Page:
Skip Navigation LinksHome > May/June 2011 - Volume 17 - Issue 3 > Intervention to Promote Smoke-Free Policies Among Multiunit...
Journal of Public Health Management & Practice:
doi: 10.1097/PHH.0b013e3181ffd8e3
Original Article

Intervention to Promote Smoke-Free Policies Among Multiunit Housing Operators

King, Brian A. PhD, MPH; Mahoney, Martin C. MD, PhD; Cummings, K. Michael PhD, MPH; Hyland, Andrew J. PhD

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Objective: To assess the efficacy of an intervention to encourage the adoption of smoke-free policies among owners and managers of multiunit housing.

Design: A pretest-posttest quasi-experimental design was employed.

Participants: The study population included 287 multiunit housing operators (MUHOs) from across New York State who were recruited to complete a baseline survey designed to assess policies about smoking in the housing units that they owned and/or managed. Subjects were surveyed between March and July 2008 (n = 128 intervention, n = 159 control) and recontacted 1 year later to complete a follow-up survey (n = 59 intervention, n = 95 control).

Intervention: An informational packet on the benefits of implementing a smoke-free policy was mailed to MUHOs in the New York State counties of Erie and Niagara between March and July 2008. For comparison purposes, a sample of MUHOs located outside of Erie and Niagara counties who did not receive the information packet were identified to serve as control subjects. Main Outcome Measures: Logistic regression was used to assess predictors of policy interest, concern, and implementation at follow-up. Predictors included: intervention group, baseline status, respondent smoking status, survey type, government-subsidy status, quantity of units operated, and average building size, construction type, and age.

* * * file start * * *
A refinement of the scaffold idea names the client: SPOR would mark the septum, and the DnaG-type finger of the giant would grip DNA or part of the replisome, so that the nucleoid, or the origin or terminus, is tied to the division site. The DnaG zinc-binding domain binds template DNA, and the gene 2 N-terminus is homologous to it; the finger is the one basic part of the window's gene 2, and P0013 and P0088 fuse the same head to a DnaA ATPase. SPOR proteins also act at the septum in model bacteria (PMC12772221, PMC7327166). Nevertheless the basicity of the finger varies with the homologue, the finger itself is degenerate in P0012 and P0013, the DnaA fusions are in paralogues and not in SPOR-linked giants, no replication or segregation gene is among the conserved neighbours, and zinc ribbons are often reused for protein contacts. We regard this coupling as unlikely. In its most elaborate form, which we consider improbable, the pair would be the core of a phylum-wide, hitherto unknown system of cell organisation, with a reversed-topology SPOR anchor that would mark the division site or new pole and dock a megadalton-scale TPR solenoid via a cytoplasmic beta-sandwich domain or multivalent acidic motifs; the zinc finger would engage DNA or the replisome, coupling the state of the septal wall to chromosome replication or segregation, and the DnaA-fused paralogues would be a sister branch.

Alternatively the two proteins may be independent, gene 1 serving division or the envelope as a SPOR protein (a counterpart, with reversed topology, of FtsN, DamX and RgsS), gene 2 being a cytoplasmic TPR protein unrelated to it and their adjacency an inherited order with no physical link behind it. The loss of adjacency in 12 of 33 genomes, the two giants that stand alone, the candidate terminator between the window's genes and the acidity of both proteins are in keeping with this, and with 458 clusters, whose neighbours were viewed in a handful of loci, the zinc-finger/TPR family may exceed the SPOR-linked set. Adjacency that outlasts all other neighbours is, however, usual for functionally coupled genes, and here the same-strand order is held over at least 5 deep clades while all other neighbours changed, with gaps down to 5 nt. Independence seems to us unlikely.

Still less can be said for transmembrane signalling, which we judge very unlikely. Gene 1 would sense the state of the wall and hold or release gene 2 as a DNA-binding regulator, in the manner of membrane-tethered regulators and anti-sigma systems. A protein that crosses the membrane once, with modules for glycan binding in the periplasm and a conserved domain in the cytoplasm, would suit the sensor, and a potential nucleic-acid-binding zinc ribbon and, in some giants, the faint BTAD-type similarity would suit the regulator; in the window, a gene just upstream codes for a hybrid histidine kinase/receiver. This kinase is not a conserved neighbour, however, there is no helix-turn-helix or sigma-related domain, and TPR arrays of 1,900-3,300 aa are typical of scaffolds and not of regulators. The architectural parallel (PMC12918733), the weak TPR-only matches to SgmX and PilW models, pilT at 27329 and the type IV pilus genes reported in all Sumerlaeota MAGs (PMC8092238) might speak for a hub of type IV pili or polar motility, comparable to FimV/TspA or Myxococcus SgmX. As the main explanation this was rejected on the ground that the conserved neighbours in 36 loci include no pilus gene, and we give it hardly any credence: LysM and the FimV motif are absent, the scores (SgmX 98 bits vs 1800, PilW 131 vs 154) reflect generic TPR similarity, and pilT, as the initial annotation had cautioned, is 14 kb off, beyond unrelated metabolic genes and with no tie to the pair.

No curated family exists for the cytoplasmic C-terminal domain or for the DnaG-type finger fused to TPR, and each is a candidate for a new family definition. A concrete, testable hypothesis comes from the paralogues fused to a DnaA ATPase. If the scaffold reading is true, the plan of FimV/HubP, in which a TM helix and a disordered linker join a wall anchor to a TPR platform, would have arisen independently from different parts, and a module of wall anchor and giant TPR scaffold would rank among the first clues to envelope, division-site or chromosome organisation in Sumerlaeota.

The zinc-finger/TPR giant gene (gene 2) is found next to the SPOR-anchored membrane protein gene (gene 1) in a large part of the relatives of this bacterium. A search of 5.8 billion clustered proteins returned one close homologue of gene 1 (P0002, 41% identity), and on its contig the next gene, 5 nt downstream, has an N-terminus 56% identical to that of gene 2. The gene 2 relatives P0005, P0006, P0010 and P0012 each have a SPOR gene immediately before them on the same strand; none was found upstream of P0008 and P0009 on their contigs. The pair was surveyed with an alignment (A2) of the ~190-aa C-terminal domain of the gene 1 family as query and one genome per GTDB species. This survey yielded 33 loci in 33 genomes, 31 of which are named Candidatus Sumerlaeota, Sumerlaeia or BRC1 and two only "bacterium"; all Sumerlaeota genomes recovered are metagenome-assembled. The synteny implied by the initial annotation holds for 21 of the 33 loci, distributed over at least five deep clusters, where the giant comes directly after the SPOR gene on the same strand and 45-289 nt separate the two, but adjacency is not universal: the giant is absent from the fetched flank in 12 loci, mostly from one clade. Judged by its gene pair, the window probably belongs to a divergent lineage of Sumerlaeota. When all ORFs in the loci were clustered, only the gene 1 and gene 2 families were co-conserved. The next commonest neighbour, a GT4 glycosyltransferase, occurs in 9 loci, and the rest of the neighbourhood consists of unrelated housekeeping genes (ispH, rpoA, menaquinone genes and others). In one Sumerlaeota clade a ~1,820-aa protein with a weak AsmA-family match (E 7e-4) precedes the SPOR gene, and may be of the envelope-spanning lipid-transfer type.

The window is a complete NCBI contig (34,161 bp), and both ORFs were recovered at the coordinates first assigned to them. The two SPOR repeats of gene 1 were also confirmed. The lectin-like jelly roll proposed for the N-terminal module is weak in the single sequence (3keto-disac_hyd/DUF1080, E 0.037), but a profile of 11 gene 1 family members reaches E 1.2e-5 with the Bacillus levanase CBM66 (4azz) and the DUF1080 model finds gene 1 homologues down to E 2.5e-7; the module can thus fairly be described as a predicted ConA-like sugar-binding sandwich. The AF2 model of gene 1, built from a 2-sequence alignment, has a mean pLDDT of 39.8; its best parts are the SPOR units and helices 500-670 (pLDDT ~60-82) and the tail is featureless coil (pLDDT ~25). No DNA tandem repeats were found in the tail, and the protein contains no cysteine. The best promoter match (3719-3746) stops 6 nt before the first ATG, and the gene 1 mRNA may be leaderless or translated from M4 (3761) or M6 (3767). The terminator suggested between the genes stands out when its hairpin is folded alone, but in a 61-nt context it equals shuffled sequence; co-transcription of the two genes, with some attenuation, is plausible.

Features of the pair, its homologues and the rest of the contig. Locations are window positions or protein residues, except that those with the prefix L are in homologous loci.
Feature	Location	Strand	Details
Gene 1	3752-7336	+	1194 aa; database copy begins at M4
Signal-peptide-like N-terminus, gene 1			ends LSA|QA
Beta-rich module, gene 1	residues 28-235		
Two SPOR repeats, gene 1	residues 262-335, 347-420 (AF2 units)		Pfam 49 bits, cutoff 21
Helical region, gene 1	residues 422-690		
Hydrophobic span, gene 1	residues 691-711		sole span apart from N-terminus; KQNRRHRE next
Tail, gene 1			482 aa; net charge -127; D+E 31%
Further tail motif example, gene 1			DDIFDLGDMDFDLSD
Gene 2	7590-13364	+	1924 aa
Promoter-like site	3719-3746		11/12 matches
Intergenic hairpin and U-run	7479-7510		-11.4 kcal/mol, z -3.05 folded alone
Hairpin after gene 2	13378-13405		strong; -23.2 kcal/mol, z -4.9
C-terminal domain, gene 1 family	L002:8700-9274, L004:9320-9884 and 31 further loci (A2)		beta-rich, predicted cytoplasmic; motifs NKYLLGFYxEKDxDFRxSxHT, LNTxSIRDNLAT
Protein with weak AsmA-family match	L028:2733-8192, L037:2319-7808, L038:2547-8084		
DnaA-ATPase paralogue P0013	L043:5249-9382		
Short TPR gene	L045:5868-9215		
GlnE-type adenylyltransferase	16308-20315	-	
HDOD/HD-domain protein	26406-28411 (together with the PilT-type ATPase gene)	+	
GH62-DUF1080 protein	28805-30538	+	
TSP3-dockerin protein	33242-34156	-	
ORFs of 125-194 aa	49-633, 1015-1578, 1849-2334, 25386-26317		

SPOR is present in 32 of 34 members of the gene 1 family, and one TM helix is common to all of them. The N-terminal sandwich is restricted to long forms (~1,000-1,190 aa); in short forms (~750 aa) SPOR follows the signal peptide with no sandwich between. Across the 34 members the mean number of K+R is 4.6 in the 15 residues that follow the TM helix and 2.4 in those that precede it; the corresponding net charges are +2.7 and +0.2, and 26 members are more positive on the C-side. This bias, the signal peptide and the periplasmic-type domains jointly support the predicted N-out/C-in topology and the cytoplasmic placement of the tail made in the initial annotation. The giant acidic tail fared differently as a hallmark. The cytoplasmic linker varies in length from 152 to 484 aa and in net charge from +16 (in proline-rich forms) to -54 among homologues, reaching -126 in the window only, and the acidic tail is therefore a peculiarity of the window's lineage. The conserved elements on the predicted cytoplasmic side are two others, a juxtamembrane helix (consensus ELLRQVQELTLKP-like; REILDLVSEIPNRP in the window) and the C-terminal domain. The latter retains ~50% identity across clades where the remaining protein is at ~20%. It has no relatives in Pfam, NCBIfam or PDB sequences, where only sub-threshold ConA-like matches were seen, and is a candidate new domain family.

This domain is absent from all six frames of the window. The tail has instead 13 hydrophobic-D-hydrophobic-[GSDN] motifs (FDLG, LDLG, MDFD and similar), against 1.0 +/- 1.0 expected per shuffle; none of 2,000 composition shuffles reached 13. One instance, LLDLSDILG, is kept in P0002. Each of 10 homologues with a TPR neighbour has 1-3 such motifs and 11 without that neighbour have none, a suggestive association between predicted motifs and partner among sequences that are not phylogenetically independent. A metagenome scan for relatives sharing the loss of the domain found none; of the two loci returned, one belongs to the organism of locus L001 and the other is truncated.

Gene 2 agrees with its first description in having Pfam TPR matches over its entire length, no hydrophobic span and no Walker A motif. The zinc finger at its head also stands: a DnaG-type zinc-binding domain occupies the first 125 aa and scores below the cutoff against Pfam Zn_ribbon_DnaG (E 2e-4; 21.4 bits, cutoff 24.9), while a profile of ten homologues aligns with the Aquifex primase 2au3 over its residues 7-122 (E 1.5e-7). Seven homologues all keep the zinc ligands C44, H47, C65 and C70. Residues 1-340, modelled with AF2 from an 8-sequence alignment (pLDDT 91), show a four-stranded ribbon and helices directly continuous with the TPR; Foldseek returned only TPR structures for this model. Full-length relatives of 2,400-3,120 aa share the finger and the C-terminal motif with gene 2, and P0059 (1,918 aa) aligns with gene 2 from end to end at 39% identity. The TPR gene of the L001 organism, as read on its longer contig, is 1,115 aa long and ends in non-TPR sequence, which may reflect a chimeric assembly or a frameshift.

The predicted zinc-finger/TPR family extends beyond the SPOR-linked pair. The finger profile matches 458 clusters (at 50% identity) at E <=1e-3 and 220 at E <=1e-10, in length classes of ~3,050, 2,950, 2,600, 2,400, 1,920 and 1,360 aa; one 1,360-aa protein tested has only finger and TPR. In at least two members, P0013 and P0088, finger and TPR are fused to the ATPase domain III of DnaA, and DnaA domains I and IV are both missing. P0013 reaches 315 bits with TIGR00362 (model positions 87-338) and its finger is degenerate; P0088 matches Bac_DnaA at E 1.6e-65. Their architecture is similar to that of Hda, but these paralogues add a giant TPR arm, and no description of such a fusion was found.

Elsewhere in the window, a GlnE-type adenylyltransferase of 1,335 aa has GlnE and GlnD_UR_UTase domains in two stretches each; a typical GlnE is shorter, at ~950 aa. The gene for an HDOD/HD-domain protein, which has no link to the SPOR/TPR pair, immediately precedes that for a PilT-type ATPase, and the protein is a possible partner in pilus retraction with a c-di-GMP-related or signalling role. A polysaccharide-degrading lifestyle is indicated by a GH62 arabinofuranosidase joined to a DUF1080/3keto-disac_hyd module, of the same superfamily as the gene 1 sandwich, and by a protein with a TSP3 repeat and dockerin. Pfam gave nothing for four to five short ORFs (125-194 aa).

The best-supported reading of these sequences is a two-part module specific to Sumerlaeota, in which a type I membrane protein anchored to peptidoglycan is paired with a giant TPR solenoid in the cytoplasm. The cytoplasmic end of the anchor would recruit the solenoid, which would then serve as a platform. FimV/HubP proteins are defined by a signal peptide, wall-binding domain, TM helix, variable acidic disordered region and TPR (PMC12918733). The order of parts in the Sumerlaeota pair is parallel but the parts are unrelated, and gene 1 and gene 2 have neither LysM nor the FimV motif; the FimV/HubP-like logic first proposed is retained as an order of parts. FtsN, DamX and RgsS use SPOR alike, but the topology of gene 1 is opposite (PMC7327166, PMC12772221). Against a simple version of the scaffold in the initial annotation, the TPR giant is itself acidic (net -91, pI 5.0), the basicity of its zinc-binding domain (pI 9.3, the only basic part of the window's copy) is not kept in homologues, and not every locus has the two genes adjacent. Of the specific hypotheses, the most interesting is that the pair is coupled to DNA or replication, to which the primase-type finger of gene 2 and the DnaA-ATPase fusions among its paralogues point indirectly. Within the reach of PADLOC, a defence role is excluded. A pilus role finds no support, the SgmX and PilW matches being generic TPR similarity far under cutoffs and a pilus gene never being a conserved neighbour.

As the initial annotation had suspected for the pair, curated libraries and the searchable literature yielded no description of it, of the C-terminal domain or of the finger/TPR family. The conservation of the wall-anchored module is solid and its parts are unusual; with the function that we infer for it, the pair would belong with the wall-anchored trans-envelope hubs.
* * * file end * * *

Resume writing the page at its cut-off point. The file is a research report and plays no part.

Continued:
Results: Multiunit housing operators who received the information packet were more likely to report interest in adopting a smoke-free policy (OR = 6.49, 95% CI = 1.44-29.2), and less likely to report concerns about adopting such a policy (OR = 0.16, 95% CI = 0.04-0.66) compared to MUHOs who did not receive the information packet; however, the rate of adoption of smoke-free policies was comparable between the groups.

Conclusion: Sending MUHOs an information packet on the benefits of adopting a smoke-free policy was effective in addressing concerns and generating interest toward smoke-free policies but was not sufficient in itself to generate actual policy adoption.

© 2011 Lippincott Williams & Wilkins, Inc.



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